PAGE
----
Rapper Bobby Ray Simmons, better known as B.o.B, made headlines last year when he took to Twitter to spread his belief that the Earth is flat.
Now, the 28-year-old rapper is taking matters into his own hands. On September 22, B.o.B announced the launch of a campaign to fund the purchase of “multiple satellites” which would be sent into space to prove his theory that the Earth has no curve.
The campaign, called “Show BoB The Curve” has raised just over $200 of the eventual $200,000 goal in three days.
“I would like to send one, if not multiple satellites, as far into space, or orbit as I can to find the curve,” B.o.B, who refers to himself in the video as Flat Earth Bob, said.
Watch B.o.B’s campaign announcement video below:
The campaign comes after B.o.B made his beliefs of a flat Earth well known. In July 2016, he was officially welcomed into “The Flat Earth Society,” a group of people who share the belief that the Earth is indeed flat.
In January 2016, B.o.B went on a tweet storm with a string theories and photos taken at a high altitude to serve as “evidence” there’s no curve in Earth.
The belief spurred astrophysicist Neil deGrasse Tyson to chime in with scientific evidence that the Earth is indeed a sphere and started quite the feud between the two.
Despite the arguments debunking his theory, B.o.B accused NASA of avoiding questions and released a song dissing Tyson called “Flatline.” In the song, B.o.B talks about his Flat Earth belief, referencing conspiracy theories formed by David Irving, a known holocaust denier. The lyrics gained the attention of the Anti-Defamation League and Tyson’s nephew, Stephen, who followed with his own diss track against B.o.B titled “Flat to Fact.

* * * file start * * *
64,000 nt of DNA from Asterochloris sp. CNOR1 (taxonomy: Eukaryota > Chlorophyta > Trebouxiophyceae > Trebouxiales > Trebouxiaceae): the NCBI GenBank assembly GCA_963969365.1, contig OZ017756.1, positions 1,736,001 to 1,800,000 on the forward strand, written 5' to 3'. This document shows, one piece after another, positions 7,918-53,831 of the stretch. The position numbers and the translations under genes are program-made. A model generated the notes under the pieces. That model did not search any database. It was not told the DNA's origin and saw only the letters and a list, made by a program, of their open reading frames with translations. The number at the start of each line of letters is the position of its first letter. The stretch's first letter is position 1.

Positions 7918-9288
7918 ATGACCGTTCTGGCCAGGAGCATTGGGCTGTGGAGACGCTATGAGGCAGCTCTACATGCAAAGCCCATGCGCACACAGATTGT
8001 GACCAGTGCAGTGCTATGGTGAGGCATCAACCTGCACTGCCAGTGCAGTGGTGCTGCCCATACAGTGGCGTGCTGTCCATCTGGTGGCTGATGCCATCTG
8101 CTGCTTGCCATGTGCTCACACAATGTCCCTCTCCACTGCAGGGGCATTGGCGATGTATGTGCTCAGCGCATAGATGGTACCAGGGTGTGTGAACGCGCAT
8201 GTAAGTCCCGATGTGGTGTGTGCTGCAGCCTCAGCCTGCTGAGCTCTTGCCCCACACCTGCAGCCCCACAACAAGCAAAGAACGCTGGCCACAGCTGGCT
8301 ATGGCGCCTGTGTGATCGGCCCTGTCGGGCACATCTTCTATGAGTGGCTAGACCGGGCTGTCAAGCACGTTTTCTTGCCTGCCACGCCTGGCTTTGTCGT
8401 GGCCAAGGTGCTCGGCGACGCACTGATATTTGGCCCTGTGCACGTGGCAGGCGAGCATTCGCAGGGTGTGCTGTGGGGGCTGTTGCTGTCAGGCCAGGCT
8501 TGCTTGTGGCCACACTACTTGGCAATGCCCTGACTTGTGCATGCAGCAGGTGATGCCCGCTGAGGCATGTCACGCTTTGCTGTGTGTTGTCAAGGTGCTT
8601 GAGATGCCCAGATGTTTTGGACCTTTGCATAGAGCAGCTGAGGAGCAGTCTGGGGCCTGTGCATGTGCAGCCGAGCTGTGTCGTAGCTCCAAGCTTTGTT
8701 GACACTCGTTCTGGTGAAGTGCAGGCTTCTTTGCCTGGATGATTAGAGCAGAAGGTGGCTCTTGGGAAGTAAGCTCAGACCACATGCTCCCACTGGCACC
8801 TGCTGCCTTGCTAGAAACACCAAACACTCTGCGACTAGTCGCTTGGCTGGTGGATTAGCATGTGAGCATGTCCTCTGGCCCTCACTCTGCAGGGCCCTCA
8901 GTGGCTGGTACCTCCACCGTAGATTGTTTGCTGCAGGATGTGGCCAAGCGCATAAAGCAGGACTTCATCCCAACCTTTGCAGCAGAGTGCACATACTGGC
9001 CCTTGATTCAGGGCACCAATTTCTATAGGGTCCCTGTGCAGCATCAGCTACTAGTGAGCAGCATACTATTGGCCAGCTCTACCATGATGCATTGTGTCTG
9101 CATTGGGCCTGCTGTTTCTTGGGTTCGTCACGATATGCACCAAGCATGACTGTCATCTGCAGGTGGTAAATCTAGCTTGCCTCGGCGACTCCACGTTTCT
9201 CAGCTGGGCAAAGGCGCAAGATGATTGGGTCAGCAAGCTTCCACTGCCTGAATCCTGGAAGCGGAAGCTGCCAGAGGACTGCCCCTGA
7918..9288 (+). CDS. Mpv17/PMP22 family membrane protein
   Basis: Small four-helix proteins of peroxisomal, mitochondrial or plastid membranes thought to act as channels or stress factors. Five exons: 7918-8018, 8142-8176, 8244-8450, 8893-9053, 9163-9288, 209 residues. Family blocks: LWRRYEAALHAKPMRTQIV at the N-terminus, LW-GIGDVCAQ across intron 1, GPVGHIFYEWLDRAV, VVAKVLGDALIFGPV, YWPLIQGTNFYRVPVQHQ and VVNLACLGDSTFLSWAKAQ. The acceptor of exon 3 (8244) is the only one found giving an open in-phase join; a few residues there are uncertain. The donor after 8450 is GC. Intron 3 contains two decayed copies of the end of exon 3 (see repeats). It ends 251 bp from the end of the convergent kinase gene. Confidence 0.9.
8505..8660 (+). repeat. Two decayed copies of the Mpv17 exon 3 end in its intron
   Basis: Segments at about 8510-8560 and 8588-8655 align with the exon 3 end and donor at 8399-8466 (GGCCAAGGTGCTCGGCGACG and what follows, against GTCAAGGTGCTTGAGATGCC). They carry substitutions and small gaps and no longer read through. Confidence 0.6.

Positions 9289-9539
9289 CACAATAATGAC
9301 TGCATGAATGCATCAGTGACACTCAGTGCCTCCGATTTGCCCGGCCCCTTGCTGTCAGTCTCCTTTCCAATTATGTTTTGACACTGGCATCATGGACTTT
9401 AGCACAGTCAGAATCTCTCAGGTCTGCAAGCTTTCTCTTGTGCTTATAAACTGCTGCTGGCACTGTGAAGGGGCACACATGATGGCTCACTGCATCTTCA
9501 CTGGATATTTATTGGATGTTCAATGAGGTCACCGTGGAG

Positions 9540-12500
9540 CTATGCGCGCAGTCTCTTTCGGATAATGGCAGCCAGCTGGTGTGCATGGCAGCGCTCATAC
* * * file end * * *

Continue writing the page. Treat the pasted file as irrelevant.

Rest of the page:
While the $200,000 goal seems like a steep price to pay for the research, it wouldn’t nearly be enough to fully fund the satellite launches.
According to The Motley Fool, a “lower-end” satellite mission costs about $164 million.
B.o.B isn’t the only notable celebrity that has flat Earth beliefs. Boston Celtics guard Kyrie Irving came out earlier this year as a “Flat-Earth truther” on Richard Jefferson’s podcast.
“The Earth is flat,” Irving said. “I’ telling you, it’s right in front of our faces. They lie to us.”
Irving also said he doubts that the Earth rotates around the sun.
For what I’ve known for as many years, and what I’ve come to believe, what I’ve been taught, is that the Earth is round. But I mean if you really think about it from a landscape as the way we travel, the way we move and the fact that can you really think of us rotating around the sun and all planets aligned, rotating in specific dates, being perpendicular with what’s going on with these planets, and stuff like this.
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